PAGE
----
Suspect a PDPA Data Breach? Here’s What to Do Next
If you suspect that your personal information has been misused by an organisation, Singapore’s Personal Data Protection Act (PDPA) provides you with some protections on which you may rely.
This article will highlight the aspects of the PDPA that would be relevant in those circumstances. It will cover:
- The obligations of organisations under the PDPA
- Whether the information that has allegedly been misused is protected by the PDPA?
- What can you do if you suspect a PDPA breach?
- What are the penalties for PDPA breaches?
What are the Obligations of Organisations Under the PDPA?
First, organisations have a range of responsibilities to you in how they handle your data, pursuant to the PDPA. These responsibilities relate primarily to how they collect, store, use or share your data. In short, they need to obtain your consent to do certain things with your data, and they can operate only within the bounds of that consent.
For example, an organisation cannot share your personal data with a third-party, unless you have given your express consent for them to do so. Even if consent is given, they can share it with only the kinds of parties and for the purposes that they informed you of when they obtained your consent.
For more detail, see our other article on organisations’ obligations under the PDPA.
Is the Information That Has Allegedly been Misused Protected by the PDPA?
Next, you must ensure that the data allegedly misused by an organisation is actually the kind of data that is protected by the PDPA. Most kinds of data that would personally identify you or provide information about you such as contact details or addresses would be protected.
However, your business contact information is not protected. This refers to information such as your work phone number or work email address as opposed to your personal phone number or email address.
That said, if your business contact information such as your work email address is given out for personal use, e.g. when signing up for a yoga class, then such information will not be treated as business contact information and will be protected under the PDPA in such scenarios of personal use.
What Can You Do If You Suspect a PDPA Breach?
If you believe that protected personal data has been misused by an organisation, you can file a complaint with the Personal Data Protection Commission (PDPC). The PDPC will usually open an investigation and contact the organisation to find out more.
Depending on the circumstances, you may also consider filing a police report. If you believe your data has been illegally accessed as a result of a computer hacking incident, a cybersecurity breach or something of that nature, then an offence under the Computer Misuse Act may have been committed. The police may be interested in investigating the matter if you have any evidence that suggests this is what may have happened.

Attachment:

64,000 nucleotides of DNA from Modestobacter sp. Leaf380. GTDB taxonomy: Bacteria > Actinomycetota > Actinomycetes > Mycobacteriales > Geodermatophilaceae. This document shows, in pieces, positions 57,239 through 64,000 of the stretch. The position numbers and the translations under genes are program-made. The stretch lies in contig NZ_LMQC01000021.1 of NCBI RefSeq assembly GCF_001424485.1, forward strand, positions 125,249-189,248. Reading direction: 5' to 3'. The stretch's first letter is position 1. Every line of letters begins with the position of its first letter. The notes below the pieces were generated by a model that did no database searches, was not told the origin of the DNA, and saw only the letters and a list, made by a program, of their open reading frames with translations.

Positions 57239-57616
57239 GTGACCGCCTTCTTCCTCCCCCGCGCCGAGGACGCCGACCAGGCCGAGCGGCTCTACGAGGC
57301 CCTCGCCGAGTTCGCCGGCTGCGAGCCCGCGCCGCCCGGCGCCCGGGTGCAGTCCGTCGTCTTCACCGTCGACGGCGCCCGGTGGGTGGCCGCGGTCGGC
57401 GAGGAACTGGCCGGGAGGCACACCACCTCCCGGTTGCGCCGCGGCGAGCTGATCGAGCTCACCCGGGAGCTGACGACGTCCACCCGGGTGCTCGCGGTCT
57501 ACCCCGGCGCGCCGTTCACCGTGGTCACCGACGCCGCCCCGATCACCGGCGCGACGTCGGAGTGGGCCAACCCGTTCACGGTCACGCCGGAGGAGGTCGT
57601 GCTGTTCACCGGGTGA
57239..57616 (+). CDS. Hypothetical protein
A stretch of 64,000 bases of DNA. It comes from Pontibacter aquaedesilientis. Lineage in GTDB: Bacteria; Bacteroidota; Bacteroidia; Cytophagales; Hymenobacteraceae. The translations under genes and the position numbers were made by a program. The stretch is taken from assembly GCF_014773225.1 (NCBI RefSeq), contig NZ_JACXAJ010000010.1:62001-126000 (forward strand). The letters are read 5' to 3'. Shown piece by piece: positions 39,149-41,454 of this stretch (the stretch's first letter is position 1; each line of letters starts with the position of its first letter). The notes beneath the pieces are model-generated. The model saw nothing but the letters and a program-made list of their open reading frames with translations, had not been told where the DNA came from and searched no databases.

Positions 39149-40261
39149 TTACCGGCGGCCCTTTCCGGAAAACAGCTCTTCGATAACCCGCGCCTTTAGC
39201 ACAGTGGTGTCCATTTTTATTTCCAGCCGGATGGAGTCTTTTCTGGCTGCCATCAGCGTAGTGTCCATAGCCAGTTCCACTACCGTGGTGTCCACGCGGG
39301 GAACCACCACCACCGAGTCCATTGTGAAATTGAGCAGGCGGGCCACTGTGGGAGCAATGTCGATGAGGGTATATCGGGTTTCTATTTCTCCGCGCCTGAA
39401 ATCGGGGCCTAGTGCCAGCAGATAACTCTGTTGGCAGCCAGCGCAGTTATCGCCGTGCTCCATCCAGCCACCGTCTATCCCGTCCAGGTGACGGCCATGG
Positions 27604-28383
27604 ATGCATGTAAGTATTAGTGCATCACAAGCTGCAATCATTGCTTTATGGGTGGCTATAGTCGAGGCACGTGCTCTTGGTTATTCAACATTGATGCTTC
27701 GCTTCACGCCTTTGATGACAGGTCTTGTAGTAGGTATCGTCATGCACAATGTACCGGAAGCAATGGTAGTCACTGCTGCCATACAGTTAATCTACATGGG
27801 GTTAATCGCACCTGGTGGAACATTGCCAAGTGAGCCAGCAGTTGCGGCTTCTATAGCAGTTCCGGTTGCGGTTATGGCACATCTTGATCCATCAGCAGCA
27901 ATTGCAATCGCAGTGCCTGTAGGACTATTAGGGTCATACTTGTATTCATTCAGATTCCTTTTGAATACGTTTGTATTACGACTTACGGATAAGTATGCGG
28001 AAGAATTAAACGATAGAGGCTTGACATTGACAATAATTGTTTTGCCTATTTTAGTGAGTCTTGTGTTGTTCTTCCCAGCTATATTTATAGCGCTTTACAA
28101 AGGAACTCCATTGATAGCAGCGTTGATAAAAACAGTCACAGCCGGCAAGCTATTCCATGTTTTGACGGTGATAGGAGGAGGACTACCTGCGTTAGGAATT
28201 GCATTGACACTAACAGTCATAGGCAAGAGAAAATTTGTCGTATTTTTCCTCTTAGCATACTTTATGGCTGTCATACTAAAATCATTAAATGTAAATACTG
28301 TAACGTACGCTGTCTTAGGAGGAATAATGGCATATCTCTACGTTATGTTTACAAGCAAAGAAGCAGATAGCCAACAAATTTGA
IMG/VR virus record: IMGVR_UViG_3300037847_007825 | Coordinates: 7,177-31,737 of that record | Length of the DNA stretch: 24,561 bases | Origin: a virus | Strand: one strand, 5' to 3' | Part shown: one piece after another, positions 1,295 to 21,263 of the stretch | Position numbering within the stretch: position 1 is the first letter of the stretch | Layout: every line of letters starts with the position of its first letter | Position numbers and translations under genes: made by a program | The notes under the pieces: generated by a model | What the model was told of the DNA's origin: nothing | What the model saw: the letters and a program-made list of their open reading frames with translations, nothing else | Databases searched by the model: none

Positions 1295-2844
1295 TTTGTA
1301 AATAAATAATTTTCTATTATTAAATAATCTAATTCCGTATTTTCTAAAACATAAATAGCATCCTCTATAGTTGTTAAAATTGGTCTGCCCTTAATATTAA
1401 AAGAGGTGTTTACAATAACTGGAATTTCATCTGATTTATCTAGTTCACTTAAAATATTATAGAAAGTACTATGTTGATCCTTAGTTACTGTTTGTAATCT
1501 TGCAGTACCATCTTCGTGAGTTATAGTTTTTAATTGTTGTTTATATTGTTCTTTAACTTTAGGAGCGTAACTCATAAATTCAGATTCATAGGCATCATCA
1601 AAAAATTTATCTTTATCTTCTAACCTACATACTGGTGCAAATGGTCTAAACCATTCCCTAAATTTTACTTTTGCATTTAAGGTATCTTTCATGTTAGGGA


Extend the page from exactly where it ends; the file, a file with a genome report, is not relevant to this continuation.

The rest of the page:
In the event of a data security breach, organisations are required to report the incident to the PDPC if it had been conducted by individuals outside of the organisation, and has resulted in (or is likely to result in) significant harm to an affected individual, or if it is (or is likely to be) of a significant scale. If required, the reporting has to be done within 3 days of assessing whether the breach needs to be reported.
If you suffer losses as a result of a personal data breach in Singapore, you may also be able to sue for compensation.
What are the Penalties for PDPA Breaches?
Although you may not be able to obtain compensation for a data breach, there are potential consequences for companies that fail to discharge their obligations under the PDPA. Such organisations could face a financial penalty of up to S$1 million.
Various high-profile companies including Singtel, SPH Magazines and Royal Caribbean Cruises have already been levied with financial penalties by PDPC for violating the PDPA. The usual range of financial penalties so far have been from high 4-figure sums to modest 5-figure sums.
So far, one of the largest financial penalties meted out by PDPC has been $60,000 on IT vendor Learnaholic. Many of these financial penalties have been meted out for cybersecurity breaches that have led to the unauthorised access and exposure of individuals’ personal data.
If you encounter an issue involving misuse of your personal data in Singapore and you wish to take action against the organisation responsible for it, it is advisable to consult a data protection lawyer.
A good data protection lawyer will usually be able to give you a quick assessment of whether or not you have any recourse and can assist you in preparing a more professional complaint to the PDPC.
The lawyer can also assist in drafting a letter to the offending organisation to complain about the breach, demand a copy of all of your personal data that they have, and/or demand that they destroy any of your personal data that they have.
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